Thank You, Officers - 27 East


Southampton Press / Opinion / Letters / 1564660

Thank You, Officers

Police are getting exorbitantly bad press the nation over, unfairly. Especially as we come upon Thanksgiving, we should be thankful for the efforts and sacrifices of officers who go to work each day not knowing what they may come up against maintaining civility in our communities.

There are racist and crooked members of each occupation sector, but folks are taking a few bad examples of unfair behavior and ascribing those attributes to the whole. People angry at various circumstances in their own lives often use the force as a scapegoat. However, when you think about most officers, I and many others understand that they exhibit a great amount of understanding and situational awareness when considering enforcement relating to most all circumstances that arise.

Domestic violence, gang activity, hard drugs, etc. are currently prevalent in even most rural communities. Infinite permutations of any situation from the time a call comes across the radio or a vehicle gets pulled over are astoundingly frightening. The vast majority of officers truly do their best as human beings to navigate conditions as they evolve, at times absolutely blindsided by unexpected worst-case scenarios unfolding. And you think you had a hard day at work? Then there are the night shifts, when everything becomes exponentially more difficult in the dark.

In cities, crime in general is insanely rampant, and overwhelmingly officers deal with life-or-death cases. Minute to minute, all shift long, things are constantly changing, every day. How does one keep up with that, stay sharp, remain unflappable, keep from getting jaded?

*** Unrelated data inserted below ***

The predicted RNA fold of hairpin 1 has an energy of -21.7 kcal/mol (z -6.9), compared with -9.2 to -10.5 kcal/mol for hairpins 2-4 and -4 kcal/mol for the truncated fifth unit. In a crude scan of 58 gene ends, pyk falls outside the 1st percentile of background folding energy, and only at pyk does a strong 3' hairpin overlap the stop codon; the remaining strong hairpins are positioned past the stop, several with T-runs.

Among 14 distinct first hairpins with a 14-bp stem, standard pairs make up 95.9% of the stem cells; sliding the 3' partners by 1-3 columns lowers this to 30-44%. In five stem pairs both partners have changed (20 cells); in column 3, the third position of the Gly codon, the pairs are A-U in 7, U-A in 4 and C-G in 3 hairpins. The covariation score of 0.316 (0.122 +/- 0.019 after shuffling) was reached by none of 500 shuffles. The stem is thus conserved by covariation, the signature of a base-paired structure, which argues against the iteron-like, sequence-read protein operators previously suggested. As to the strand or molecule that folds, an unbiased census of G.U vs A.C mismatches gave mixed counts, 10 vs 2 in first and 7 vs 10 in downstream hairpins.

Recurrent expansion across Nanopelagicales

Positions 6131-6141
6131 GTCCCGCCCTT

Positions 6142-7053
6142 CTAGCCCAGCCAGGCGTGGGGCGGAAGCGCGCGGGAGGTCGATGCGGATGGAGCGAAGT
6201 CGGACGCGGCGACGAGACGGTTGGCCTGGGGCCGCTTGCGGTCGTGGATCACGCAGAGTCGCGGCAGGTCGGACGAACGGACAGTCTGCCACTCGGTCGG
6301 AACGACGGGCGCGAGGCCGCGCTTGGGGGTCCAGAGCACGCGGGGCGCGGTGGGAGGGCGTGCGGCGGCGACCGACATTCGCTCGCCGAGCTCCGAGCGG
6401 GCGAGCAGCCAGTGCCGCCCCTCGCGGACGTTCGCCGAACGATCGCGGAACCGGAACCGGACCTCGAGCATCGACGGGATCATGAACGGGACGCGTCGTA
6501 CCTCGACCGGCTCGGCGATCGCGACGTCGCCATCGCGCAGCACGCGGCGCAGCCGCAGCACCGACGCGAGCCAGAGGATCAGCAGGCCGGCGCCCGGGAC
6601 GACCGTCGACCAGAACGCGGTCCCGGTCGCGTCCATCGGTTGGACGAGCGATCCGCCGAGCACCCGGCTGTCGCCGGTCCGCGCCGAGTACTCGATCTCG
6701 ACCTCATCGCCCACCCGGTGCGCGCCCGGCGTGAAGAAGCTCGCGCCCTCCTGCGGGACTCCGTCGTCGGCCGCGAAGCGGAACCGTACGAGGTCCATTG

Like first responders and firefighters, police many times see things they cannot un-see, things that may stay with them for the rest of their lives that aren’t pleasant by any measure. They save lives and at times lose them, despite herculean efforts to save them, due to variables far beyond their control. The should-have, could-have, would-haves aren’t easy to let go of, even when there was nothing else that could have been done.

So, just as one cannot lump an entire religion, culture or race together for the worse because of some highly egregious actions on the part of a small percentage thereof, one cannot heinously and venomously attack the role of or the amazing contributions made by individuals who cognizantly decide to take on such an immense risk on a daily basis for the better of us all.

Thank you, officers, for keeping our streets, homes, families, friends and ourselves safe and free to live with less worry. And, thank you, too, to all of our first responders and firefighters.

Happy Thanksgiving!

Mark T. Barauskas



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